by Dianne Craft, MA, CNHP
Finally receiving the new curriculum for the year can be an exciting time for a homeschooling mom. After having taught three previous children how to read, moms often look forward to teaching this fourth child.
But what if your fourth child is the same age as your other children were when they were eagerly reading, but is not interested in learning to read, or is having great difficulty learning to read? Do you have this child tested? Do you wait? Will the reading just “click” at some point, if you wait long enough? How does a mother know if this is a “maturity issue” or if this difficulty is a sign of a learning disability?
As a special education teacher and homeschool educational consultant, this is how I approach the “maturity issue”. These are the “red flags” I look for in a seven-and-a-half-year-old who is either avoiding or struggling with reading:
Research shows that boys tend to mature later than girls. Thus, if a seven-and-a-half-year-old boy is not interested in reading, I would tend to just give him six more months to let his nervous system “mature” before I try formal reading lessons again.
Being a nutritionist, besides an educator, during this waiting time I help the child’s nervous system to mature using natural means. Relying on the research done by Dr. Jacqueline Stordy in her famous studies relating the nervous system maturity (particularly in males) and essential fatty acid deficiency, I will often give this child some fish oil supplements. This helps to move the maturing process along nicely (for supplement details see “Essential Fatty Acids and the Brain”, www.diannecraft.org).
Does your child have a desire to read? If the desire to read is not there, then I would allow six more months for his nervous system to mature. However, if this child wants to read, but can’t remember sight words or the sounds of the letters, then that is a red flag that there likely is a learning block that is present. I would begin interventions.
Some children have a significant speech delay and are struggling with remembering letter names or sounds. If that is the case, it would be a good idea to check into some reading intervention. An auditory processing problem often accompanies a delay in speech. An auditory processing problem can be greatly helped by using an intensive phonics program that uses more right brain teaching strategies, or tiles, or other methods that are out of the “norm” for regular reading instruction.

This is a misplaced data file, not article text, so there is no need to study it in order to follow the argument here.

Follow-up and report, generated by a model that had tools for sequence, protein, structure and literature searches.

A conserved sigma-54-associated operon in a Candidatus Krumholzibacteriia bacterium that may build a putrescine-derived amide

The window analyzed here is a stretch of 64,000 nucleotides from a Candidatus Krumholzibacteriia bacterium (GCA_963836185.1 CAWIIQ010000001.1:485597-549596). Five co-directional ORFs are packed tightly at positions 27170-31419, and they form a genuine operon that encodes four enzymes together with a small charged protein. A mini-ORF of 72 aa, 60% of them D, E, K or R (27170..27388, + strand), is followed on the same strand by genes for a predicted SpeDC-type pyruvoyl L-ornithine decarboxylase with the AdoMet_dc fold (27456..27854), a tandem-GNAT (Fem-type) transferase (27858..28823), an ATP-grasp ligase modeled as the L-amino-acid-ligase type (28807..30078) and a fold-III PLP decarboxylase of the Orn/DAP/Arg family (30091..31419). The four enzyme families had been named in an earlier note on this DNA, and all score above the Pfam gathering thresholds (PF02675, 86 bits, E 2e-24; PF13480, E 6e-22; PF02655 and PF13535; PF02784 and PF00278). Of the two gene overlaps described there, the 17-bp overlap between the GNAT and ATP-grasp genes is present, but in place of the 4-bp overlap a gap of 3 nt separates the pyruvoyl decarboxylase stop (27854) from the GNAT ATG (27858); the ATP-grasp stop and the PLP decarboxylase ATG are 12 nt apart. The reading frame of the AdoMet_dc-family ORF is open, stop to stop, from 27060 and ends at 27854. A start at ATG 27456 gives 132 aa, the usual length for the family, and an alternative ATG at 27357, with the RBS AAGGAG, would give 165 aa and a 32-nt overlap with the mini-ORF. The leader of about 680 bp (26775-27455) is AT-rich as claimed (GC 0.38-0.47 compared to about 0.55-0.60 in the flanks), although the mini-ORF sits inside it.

When a child easily learns to say and sing the alphabet, and easily remembers the names and sounds of letters, but is not interested in reading, then I would just consider this a maturity issue.
However, if your child has an auditory processing problem, learning to say or even sing the alphabet correctly can be difficult. For them, remembering the names of the letters when looking at them is also very difficult. That is when I would begin interventions.
5. Listening to Stories
If your seven-year-old is not even interested in listening to you read a story, I would first give that child six more months for his nervous system to mature. However, if he loves to listen to stories read by mom, or on tape, that child is showing that he is ready for learning and would like to learn how to read himself. If he is struggling with the reading process, then I would see that as a red flag, and start interventions.
6. Reading or Writing Reversals
We often think that reading and writing reversals are “normal” in the learning process. It is true that when children are first learning to track their eyes from left to right over the page as they read, and writing letters with the correct orientation, they may make letters backwards or read letters or words backwards. However, after six months of practice, the majority of children cease making reversals. Brain research now shows us that when a child struggles with this “left to right” process past age seven and a half, this is usually a symptom of a more pervasive issue of a poorly established midline. While this can be corrected at home using various exercises, it is important that the parent see this as a red flag and do those interventions. Without the interventions, the child likely will have to struggle longer than necessary.
When we have a “late bloomer,” we often receive much advice from other moms. Much of this is very helpful. However, we also inevitably hear the story about a child who didn’t learn to read until age 11 or 12, but is a good reader now. Do some “late bloomers” learn to read by age 11 or 12 without interventions? This certainly happens. Then why not wait all the time? Often the price the child pays in lowered self-esteem for so many years, while all others are easily reading, can be too high. We now know more about how the brain processes information, and have access to wonderful early interventions that take the chore out of learning.
Bottom line: Learning doesn’t have to be so hard.
“No parent has ever said that they started interventions too early with their child.” –Sally Shaywitz, MD, Overcoming Dyslexia
“Reading and writing are natural, if there are no learning blocks.” –Dianne Craft, MA, CNHP, Brain Integration Therapy; Right Brain Reading Program
Copyright 2013. Used by permission of the author. Originally published in Arizona Home Education Journal, June 2013.
Dianne Craft is a former homeschool mom who with a master’s degree in education. Her books, The Brain Integration Therapy Manual, The Right Brain Phonics Reading Program, and her DVDs, Understanding and Helping the Struggling Learner, Teaching the Right Brain Child, Smart Kids Who Hate to Write and The Biology of Behavior have helped hundreds of families remove learning blocks in their struggling children at home. Visit her website (www.diannecraft.org) for many articles on children and learning, and to download her FREE Daily Lesson Plans for the Struggling Reader.